The term “game” can take you to so many different mental places depending on your passions: sports fan? Surely we mean football. Console player? You know I’m talking about Call of Duty. Boardgame geek? Setlers of Catan is what it’s all about. But while it could be an interesting exercise to pair wines and “games” using any of the aforementioned meanings, on this occasion, I shall focus on the tastiest definition of the word.
Game meat can have many different shapes and sizes, and it’s sometimes divided into feathered or furred, but its defining feature is that it comes from wild animals. The name itself comes from Medieval times and it is a nod to the act of hunting seen as a sport or a game.
Flyers or runners, these animals tend to have more intense flavours than its farmed counterparts (more exercise and a diverse diet surely help), therefore, wine pairing guidelines are to be slightly adjusted to help our glass make justice to what’s cooking.
Down to Earth and Mature Flavours
It’s time to prioritise complexity over intensity. Let the tannic cherry bombs rest until BBQ season and seek wines with nuances and a wide range of flavours.
It is worth noting at this point that wines’ flavours are often separated in three tiers: primary, secondary and tertiary. The first layer comes from the grape variety and some would say, the terroir; the second is developed during the winemaking process, and the third can only be crafted by time. Along this last cluster, which is achieved through ageing and maturing, we’ll often find the earthy and nutty flavours that match so beautifully with game meats.
As a rule of thumb, the bigger the animal the bigger the wine; think of a delicate Pinot Noir or a Beaujolais with a juicy duck confit versus a solid Ribera del Duero along wild boar. Another point to consider would be whether we’ll be serving a lean or fatty meat, as the latter would be nicely enhanced by wines with higher acidity that will clean palates between bites, thus avoiding overwhelming our guests.
And while red wines will often prove harmonious along game meats, white wine lovers won’t be left without choice. Aged whites as well as those given an extra oomph with skin contact (maceration of the juice with the grape’s skin early in the winemaking process) will have a golden opportunity to shine along the most delicate game dishes. Examples to keep on your radar include aged white Rioja, a plump Condrieu or white Chateauneuf du Pape from the Rhone Valley or a qvevri-aged Georgian amber wine.
Looking for some ideas? The bottles below will get you sarted!
Fontanafredda Raimonda Barbera d’Alba 2016
€18 – Available at Karwig Wines, Martins Off Licence, Hole in The Wall & Jerry’s gin Skerries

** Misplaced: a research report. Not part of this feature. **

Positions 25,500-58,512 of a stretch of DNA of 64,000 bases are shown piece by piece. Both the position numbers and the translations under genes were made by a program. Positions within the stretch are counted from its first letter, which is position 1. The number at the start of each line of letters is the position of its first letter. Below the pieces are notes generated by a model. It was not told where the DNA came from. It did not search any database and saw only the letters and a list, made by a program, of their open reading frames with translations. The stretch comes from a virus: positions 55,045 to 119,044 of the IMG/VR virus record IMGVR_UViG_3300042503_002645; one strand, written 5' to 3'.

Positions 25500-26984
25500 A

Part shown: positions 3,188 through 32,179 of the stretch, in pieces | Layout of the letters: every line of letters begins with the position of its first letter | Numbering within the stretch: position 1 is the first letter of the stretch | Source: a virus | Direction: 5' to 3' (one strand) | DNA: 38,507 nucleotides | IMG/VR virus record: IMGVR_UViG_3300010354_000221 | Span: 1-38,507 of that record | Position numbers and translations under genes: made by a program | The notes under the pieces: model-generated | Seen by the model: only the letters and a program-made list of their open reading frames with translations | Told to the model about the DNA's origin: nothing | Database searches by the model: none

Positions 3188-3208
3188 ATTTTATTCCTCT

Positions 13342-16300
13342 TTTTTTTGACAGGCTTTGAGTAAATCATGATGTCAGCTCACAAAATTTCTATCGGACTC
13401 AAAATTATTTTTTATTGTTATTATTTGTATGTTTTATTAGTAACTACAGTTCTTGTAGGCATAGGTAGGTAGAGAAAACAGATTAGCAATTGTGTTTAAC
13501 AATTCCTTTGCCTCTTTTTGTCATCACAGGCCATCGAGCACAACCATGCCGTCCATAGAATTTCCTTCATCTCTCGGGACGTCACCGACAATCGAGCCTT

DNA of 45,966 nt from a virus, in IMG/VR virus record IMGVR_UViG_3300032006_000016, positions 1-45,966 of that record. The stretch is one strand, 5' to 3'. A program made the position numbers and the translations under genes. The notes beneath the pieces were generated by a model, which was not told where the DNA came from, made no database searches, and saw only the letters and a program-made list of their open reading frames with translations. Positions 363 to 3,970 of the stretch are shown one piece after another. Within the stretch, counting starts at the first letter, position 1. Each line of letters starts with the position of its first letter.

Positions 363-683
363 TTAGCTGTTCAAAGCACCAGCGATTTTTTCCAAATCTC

A persistent and intense ruby red from the Langhe Hills in Italy’s Piedmonte.
It has a fruity opening but shortly after ripe cherries and cranberries greet your palate, they’re complemented by a pleasant yet delicate spiciness and a floral note.
Medium bodied, moderate in tannins and high in acidity, this juicy red will go very well with duck or goose. Bonus points if berries feature as part of the dish.
€11.99 – Available at Lidl
The cru of Moulin-à-
This smooth bojo is a plump mix of mixed berry preserve, a hint of toast and a subtle earthiness. Ideal along venison, wild mushroms or confit duck.
Kreydenweiss Or Ange 2017
€24.95 – Available at O’Briens Wine
This rare organic beauty hails from Alsace, France. It’s name is a play between the French words for “golden” (or) and “angel” (ange) and “orange”, as in “orange wine.” Pale peach in colour, this wine is a parade of aromas and flavours of ripe stone fruit, orange blossom, marmalade and even a hint of dulce de leche and toffee.
Don’t let its sweet aromas fool you, it’s dry as a dessert and with a very high acidity. If you’re sceptical about amber wines, this might be the wine to turn you. For a very exotic match, try it with alligator. A Paella Valenciana (rice and hare) will also work well.
Domaine Raquillet Mercurey Vieilles Vignes 2016
€40 – Available at siyps.com , 64 Wines, Green Man Wines and McCabes Wines
As is the case with all red from Burgundy, this delightful bottle is made from Pinot Noir. It’s intense and elegant, with a complex assortment of flavours that evoke a walk through a forest filled with ripe berries, dried leaves, wet earth and flowers.
On the palate, tannins and acidity are moderate and the finish is long and pleasant. A wonderful match to feathered game or earthy hare dishes.
Prieler Blaufränkisch Johanneshöhe 2015
€23.50 – Available at Blackrock Cellar
This Austrian red offers a smooth taste of the country’s dark horse variety Blaufränkisch. Soft tannins and a silky body with a combination of dark berries and earthy flavours.
It is a graceful wine that will excel along venison, especially when autumnal flavours such as blackberry sauce and wild mushrooms are part of the dish.
Protos Reserva 2011 Ribera del Duero
€24 – Available at Jus de Vine Portmarnock, Drink Store Manor Street, Redmond’s Ranelagh, Morton’s Ranelagh
The tannins and alcoholic strength of this Spanish colossus would make a lesser wine feel harsh. But here, they work in balance with a full body and a very generous palate that combines flavours of ripe blackberries, vanilla, cedar, cocoa and a smokey, toasted note.
A big wine reserved for a big dish, and one best served decanted. Bring in the roasted wild board and the slow cooked casseroles, it can take it.
Gabriela’s passion for writing is only matched by her love for food and wine. Journalist, confectioner and sommelier, she fell in love with Ireland years ago and moved from Venezuela to Dublin in 2014.
Since then, she has written about and worked in the local food scene, and she’s determined to discover and share the different traditions, flavours and places that have led Irish food and drink to fascinate her.